Movie: Puss In Boots
Director: Chris Miller
Studio: Dreamworks Animation
It’s probably safe to say that by the end of the last Shrek film, the majority of our readers were ready to be done with the ogre and his friends forever. What had started as an ingenious, truly unique take on children’s storytelling had become a monstrosity of pop culture references and half-assed yucks that were old before the final chapter even began. Amongst the rubble of a once great franchise however, was Puss In Boots, the one character who had yet to wear out his welcome (most likely thanks to his extremely brief speaking parts). Someone in power noticed this and a couple years later, the first theatrical Shrek spinoff has arrived.
You can’t blame anyone for pursuing a full length Puss In Boots movie. Not only do you have the tie-in with Shrek, but anyone with access to the internet for five minutes can tell you how much people seem to love cats. How could you not try and grab a piece of that sweet, sweet internet (aka parent’s) money? Lucky for viewers (or maybe for the studio), Puss In Boots is much more than a vehicle for a paycheck and actually offers an adventure that’s well within the realm of associated flicks without feeling like worn territory.
Following a brief introduction from our feline hero, Puss In Boots wastes no time bringing viewers into a time before Far Far Away land when Puss was out to clear his name. He learns that Jack & Jill (the same that went up the hill) are in possession of magic beans and realizes possession of said beans would mean access to the legendary golden goose that lies in the castle in the clouds. He sets out to steal the magic vegetables, but as the first attempt to solve a problem in nearly any film goes, it falls apart and launches us deep into a great b-story about brotherhood and friendship.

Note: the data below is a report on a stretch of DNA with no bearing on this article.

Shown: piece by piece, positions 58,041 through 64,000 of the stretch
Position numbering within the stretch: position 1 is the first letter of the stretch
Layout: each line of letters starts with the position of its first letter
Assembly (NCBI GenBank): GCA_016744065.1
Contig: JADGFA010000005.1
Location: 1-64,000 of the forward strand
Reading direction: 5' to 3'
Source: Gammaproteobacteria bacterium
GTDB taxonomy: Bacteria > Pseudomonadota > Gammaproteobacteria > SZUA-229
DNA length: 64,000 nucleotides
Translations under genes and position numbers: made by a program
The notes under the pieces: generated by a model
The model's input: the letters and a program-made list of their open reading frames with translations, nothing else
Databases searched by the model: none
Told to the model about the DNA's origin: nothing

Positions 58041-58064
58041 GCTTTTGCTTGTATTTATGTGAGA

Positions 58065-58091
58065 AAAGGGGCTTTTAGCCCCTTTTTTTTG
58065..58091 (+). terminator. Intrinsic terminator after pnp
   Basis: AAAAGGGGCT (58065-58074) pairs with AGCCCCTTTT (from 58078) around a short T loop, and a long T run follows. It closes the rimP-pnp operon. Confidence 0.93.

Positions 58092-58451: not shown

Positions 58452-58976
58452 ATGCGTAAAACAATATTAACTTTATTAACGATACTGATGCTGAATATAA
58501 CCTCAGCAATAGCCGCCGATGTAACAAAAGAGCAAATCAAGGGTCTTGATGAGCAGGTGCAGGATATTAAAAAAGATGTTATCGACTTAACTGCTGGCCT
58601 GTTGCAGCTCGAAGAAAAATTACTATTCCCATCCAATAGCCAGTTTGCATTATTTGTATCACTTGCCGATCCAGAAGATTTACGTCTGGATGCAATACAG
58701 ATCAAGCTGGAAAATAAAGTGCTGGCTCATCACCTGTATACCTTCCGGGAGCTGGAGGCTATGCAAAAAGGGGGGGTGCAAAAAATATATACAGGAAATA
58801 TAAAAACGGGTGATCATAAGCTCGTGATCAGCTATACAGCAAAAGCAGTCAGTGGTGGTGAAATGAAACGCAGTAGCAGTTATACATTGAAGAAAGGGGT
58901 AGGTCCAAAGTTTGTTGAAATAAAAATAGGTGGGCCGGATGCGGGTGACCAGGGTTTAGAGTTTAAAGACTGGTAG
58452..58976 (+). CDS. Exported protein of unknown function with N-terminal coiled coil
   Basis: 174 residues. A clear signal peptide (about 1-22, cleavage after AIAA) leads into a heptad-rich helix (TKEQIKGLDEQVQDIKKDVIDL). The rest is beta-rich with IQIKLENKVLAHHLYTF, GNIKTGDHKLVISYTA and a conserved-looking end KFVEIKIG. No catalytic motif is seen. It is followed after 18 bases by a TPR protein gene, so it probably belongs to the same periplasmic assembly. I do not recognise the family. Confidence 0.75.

Where the Shrek films relied more on referential and tongue-in-cheek jokes over plot, Puss focuses much more on the adventure aspect of everything. It is funny and yes, there are (multiple) dance sequences, but the film boasts a quickly-paced script and enough eye-popping visuals to keep even the coldest hearts completely enthralled. This feels like the direction the previous series should have taken, placing the characters in outlandish situations within the arc of a normal action/comedy and letting the story produce humor naturally. Of course there’s something to be said for the vocal talents of Banderas, as well as that of Zach Galifianakis as Puss’ orphaned brother Humpty, but for the first time in awhile it isn’t the names associated with a children’s flick that will make it enjoyable for adults.
Let’s not kid ourselves, or actually, maybe we should, but Puss In Boots is a film intended first and foremost for children. Even though it stands miles ahead of other genre titles in terms of broad appeal, it’s still ultimately a movie for the young and young at heart. You have to accept that you’ll see (most) twists coming and that musical interludes are almost guaranteed, but in exchange you”ll get a film that goes to great lengths not come across as childish and for that alone it deserves your time. Let your inner child free one last time before winter bundles us up and let the antics of fabled creatures ease your mind, it’s worth it.
Review written by: James Shotwell